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Citadel La Ferrier
*On this date in 1820, the Citadel La Ferrière was completed. Sometimes called the Citadelle it is a mountaintop fortress in Nord, Haiti.
Haitian King Henri Christophe ordered the construction beginning in 1805; the Citadel La Ferrière is located on top of the mountain Bonnet a L’Eveque. It is one of the largest fortresses in the (western hemisphere) Americas and was designated by the United Nations Educational, Scientific and Cultural Organization (UNESCO) as a World Heritage Site in 1982. The mountaintop fortress has itself become an icon of Haiti.
The Citadel was built during the Haitian slave rebellion (1791–1804) after Haiti gained independence from France at the beginning of the 19th century. The Citadel is one of the most popular tourist destinations in the country. Directions to and history of the fortress are provided by self-appointed guides from the town of Milot; visitors may be asked to pay a small fee. Visitors are also encouraged to rent a horse for the uphill trek. The first portion of the 7 mi trail is navigable by 4WD vehicles, although infrequent landslides and construction projects sometimes make this unreliable. Numerous people live along the trail and are vendors. Drinks are a necessity in the tropical heat. The trail is paved stone, generally smooth, and in good condition.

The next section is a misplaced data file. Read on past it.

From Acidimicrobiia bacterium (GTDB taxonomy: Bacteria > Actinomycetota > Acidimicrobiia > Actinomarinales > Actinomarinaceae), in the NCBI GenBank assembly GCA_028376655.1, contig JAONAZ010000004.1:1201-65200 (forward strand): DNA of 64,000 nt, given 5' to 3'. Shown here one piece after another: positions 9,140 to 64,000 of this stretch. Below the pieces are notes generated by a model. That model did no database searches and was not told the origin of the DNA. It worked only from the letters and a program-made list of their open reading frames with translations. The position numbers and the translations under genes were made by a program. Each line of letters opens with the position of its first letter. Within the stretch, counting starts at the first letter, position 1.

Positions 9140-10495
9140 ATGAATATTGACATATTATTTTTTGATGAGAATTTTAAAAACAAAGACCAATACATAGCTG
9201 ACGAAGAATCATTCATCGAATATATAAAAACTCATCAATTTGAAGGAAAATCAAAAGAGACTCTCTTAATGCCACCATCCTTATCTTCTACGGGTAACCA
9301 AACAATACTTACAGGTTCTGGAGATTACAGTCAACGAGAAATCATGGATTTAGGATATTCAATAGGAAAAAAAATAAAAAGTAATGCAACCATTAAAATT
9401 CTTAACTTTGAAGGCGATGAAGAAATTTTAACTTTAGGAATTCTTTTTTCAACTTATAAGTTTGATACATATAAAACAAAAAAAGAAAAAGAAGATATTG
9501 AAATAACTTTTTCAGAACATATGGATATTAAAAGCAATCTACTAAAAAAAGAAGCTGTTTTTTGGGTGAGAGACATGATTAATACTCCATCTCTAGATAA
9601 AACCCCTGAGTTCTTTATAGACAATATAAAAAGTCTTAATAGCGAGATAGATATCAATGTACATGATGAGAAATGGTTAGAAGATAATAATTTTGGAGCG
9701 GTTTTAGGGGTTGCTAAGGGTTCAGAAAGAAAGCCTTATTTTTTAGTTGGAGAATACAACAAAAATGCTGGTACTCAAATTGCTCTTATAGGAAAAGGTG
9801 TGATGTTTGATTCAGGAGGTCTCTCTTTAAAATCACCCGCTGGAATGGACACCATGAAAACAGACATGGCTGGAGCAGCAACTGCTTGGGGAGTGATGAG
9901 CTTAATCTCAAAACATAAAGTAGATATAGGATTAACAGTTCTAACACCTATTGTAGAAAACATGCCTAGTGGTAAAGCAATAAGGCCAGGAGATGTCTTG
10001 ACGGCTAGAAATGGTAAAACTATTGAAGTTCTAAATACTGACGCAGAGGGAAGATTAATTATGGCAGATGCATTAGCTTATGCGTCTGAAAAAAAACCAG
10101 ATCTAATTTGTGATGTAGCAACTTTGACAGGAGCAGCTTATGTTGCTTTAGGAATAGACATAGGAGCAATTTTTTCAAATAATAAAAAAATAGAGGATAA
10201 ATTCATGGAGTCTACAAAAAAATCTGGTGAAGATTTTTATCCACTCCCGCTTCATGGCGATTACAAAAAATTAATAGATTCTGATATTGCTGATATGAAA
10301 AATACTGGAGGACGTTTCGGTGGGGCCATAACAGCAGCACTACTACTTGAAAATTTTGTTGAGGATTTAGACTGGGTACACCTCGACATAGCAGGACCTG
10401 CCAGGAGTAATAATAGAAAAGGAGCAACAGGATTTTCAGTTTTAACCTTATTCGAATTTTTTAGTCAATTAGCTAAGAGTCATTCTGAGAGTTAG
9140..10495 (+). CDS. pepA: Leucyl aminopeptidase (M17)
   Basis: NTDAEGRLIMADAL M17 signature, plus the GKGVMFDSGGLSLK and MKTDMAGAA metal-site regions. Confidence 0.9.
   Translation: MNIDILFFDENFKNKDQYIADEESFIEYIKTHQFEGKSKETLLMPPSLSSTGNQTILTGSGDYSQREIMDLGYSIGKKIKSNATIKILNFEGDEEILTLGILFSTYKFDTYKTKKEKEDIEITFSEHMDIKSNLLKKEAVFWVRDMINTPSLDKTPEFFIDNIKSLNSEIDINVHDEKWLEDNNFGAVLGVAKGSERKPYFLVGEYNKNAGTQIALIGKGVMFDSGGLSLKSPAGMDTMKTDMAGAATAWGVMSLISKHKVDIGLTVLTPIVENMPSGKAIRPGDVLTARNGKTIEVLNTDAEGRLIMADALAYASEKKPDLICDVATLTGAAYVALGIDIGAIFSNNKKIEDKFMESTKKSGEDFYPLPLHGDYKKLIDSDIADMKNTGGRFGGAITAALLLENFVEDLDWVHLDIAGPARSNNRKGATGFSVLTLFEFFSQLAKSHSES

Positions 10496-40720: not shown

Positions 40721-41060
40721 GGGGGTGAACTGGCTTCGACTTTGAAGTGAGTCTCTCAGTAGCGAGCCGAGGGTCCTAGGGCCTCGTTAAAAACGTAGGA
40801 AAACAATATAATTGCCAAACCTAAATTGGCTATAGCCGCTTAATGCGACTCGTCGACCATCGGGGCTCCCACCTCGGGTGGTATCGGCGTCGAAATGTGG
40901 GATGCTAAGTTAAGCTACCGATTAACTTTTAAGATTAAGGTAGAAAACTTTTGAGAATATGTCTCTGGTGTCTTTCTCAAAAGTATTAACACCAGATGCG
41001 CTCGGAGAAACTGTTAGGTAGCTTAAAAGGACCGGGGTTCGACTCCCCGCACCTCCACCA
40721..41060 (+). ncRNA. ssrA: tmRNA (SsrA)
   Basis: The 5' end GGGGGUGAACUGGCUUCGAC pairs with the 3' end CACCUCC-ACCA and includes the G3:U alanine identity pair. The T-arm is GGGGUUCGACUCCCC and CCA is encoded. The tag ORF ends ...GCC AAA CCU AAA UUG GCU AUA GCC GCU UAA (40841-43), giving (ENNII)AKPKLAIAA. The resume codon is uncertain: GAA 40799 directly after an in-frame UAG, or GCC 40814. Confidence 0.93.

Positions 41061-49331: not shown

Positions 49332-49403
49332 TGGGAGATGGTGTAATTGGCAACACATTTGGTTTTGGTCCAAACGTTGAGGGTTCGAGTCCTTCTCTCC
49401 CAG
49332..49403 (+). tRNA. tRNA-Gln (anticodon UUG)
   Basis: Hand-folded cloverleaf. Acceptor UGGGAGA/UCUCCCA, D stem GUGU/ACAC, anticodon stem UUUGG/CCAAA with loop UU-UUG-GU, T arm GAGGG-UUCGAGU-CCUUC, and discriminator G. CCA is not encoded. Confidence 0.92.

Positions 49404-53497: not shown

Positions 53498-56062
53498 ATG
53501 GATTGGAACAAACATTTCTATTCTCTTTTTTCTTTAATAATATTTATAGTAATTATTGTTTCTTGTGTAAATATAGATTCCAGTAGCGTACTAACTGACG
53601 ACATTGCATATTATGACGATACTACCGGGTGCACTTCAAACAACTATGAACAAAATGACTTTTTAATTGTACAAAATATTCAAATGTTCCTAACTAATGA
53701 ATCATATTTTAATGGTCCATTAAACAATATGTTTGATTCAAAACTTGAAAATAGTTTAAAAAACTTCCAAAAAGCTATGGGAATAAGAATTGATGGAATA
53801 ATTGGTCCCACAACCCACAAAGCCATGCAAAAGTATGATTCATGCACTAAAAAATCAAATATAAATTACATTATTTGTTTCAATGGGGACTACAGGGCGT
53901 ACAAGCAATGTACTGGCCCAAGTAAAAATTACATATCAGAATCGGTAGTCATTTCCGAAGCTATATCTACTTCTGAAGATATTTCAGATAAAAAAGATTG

About three-quarters of the way up from the parking lot, visitors must complete the final portion on horseback or on foot. Starting in Milot, The 11-kilometer (7 mi) trail is almost completely uphill. On a clear day, the city of Cap-Haitian and the Atlantic Ocean can be seen to the north. Though the turbulent political situation in Haiti (principally in the central region) has deterred visitors in recent years, the regions of the north and south of the country remain largely peaceful, making travel to the Citadel less challenging or hazardous than travel within the Haitian capital, Port-au-Prince.
After visiting the Citadel in July 2012, Haitian President Michel Martelly heavily criticized the Haitian National Institute for Historic Preservation (ISPAN), describing the site as in a state of disrepair and calling ISPAN's efforts "unacceptable." His visit was intended to assess the state of the Citadel for conservation, but he refused to visit its upper levels, deeming them unsafe for visitors. Despite Haiti's shortcomings in preserving its own cultural artifacts, international organizations have stepped in to assist, such as the Global Heritage Fund, a California-based non-profit organization, which has investigated the Citadel for monument conservation, community development, training, and cultural heritage revitalization.
The project would focus on the Citadel and nearby Sans-Souci Palace, hoping to preserve the structures as safe tourism sites to promote sustainable local economic growth. We chose this date because the first empire of Haiti was declared on September 22, 1804